The Doctrine of the Great Church can most easily be described as pure good. One should strive to give, not to take; to love, not to hate; to befriend, not to shun. It is the moral imperative of every mortal to try to do as the gods have done – offering shelter to the weak, raging against terrible wrongs, and protecting their families. Of course, the Church is well aware that the world is filled with fallible people and believes that, if we ask for our wrongs to be forgiven, the gods will forgive them as they once forgave each other for great wrongs. The Church believes, however, that there are sins that cannot be forgiven: trying to topple the gods as Kador did, making bargains with devils or demons, and giving up your soul for any reason. These behaviors take one outside the realm of forgiveness, and offenders become like demons in the eyes of the faithful. All else, including the most heinous crimes against another person, can be forgiven by the gods (though likely not by the law). It is in this that the Church’s lawful side is seen, for while its faith in the gods is one of pure good, the Church professes a very legalistic worship of the gods. The clergy discusses the laws and commandments of the gods that all people should obey. The church sees itself as bringing the rule of the gods to the uninformed.

The Great Church has two great schools of thought in approaching this doctrine, and while they usually operate in harmony among church elders, they are occasionally drawn into conflict.

The first philosophy, that adhered to by clergy and deacons, is the ministry of the gods’ work. The Great Church, according to this school of thought, exists to spread the legends and worship of the gods – particularly to foreign or barbaric lands with different faiths. Part and parcel with this is the Church’s goal to consolidate its power base and make sure that the lands where the gods are worshipped never lose sight of the faith. This involves making sure that the Church has many chapels and cathedrals throughout the land. One of the many reasons the Church puts such a focus on secular matters is that it serves the Church’s goals to have close relations with the nobles who own the land and run the nations.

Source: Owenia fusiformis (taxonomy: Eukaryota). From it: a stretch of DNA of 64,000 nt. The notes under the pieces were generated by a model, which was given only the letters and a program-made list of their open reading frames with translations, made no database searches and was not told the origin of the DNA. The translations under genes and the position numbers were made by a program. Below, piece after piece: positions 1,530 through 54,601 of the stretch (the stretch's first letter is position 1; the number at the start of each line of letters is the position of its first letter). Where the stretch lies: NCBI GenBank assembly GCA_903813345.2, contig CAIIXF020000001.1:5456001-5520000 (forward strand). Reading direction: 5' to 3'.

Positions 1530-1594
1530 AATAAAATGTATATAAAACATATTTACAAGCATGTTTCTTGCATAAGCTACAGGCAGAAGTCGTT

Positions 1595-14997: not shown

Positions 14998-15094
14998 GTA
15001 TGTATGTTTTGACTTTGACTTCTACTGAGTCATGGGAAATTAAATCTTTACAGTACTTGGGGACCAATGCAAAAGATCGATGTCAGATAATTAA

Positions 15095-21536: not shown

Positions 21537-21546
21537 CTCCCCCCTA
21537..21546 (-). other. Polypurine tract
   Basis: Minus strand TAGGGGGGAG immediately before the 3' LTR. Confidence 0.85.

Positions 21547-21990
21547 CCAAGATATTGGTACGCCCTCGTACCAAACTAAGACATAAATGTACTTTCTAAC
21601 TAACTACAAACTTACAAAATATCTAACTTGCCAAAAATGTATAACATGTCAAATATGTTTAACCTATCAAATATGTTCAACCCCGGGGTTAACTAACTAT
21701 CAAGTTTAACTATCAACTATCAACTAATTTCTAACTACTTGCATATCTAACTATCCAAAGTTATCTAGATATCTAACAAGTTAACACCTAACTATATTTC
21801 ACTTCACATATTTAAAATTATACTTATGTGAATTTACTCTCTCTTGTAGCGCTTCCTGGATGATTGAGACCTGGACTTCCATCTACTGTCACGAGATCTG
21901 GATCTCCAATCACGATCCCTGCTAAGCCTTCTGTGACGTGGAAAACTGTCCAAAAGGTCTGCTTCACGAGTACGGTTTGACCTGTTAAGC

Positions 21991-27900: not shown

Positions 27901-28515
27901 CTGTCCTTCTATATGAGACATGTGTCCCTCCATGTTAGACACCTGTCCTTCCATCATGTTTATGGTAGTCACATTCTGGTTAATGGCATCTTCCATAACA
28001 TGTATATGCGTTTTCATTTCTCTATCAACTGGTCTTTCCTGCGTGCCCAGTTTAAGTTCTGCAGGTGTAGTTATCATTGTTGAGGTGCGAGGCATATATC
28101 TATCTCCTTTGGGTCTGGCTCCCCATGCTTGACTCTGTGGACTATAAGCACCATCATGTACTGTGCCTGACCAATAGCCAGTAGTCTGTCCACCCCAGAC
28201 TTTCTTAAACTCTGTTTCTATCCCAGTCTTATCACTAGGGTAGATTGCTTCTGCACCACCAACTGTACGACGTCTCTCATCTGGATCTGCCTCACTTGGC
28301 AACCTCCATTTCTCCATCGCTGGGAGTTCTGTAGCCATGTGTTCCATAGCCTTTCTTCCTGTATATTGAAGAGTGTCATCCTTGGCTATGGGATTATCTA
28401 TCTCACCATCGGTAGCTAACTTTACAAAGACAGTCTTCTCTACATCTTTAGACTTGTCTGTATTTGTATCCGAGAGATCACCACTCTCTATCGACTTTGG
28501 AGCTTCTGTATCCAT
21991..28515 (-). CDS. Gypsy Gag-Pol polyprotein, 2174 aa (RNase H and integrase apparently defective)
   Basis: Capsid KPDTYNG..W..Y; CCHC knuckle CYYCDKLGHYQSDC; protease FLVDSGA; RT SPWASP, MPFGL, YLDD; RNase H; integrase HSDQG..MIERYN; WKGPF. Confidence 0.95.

It would be easy to assume the clergy pushes for expansion because its hierarchy is made up of rank opportunists seeking to line their pockets with donations. In fact, the Church really is a good organization (as far as anyone can tell – GMs may have other plans…) and most of the clergy believe deeply in this idea. It began with Hefastan, who believed that he had been selected by the gods to answer the riddle of the statue because the gods had tired of their constant infighting. At the core of Hefastan’s teachings is the notion that every person’s life is bettered when she comes to pay proper homage to the gods. When Hefastan, the first Supreme Patriarch, was writing his earliest screeds, most common people had no idea how to pray or pay proper homage to the gods; instead, they let their priests do it for them. Hefastan believed in the democratization of faith, and it is still very important to the Great Church that the ways of worship be made understandable to anyone, that everyone know how to pray to the gods herself. This is clearly a good goal, even if the Church’s rate of expansion and political power is quite threatening to all the other churches.

The second major branch of Church philosophy states that the Church’s mission is to tirelessly oppose evil in all its many forms. One can see that this requires a very different mindset than actively spreading the religion, and over the years the two doctrines have led to a friendly split in the clergy. While most focus on the strengthening of the Church and the spread of the faith, there is a core group of adventuring clerics who seek simply to do good in the world in the name of the Gods. Supporting this group of “good works” clergy is an entire holy order dedicated to fighting the good fight: the paladins.

Common Prayers

Most Great Church prayers invoke all of the gods by referring to them as “Holy Ones” or “Lords of Good” or “Lords of Heaven.” An example, called “The Passage,” is from the naming ceremony where the Church recognizes a child after its birth:

“May the Lords of Heaven shine on thee,
May they lift you up in their great presence,
For thou art name’d in their hallowed halls,
And the Holy Ones shall know thee in the last.”

However, the most common prayer, which is used as the invocation for important events and is said by many common folk when they need a formal prayer, is the Order. The Order refers to each of the gods by name. In particularly important ceremonies a candle is lit (or a bell is rung) when each name is read:

“Lords of Heaven, hear our prayer!
That Rontra’s earth will feed us,
And nourish those who hunger;
That Urian’s skies will warm us,
And shelter those in need;
That Shalimyr’s waves will wash us clean,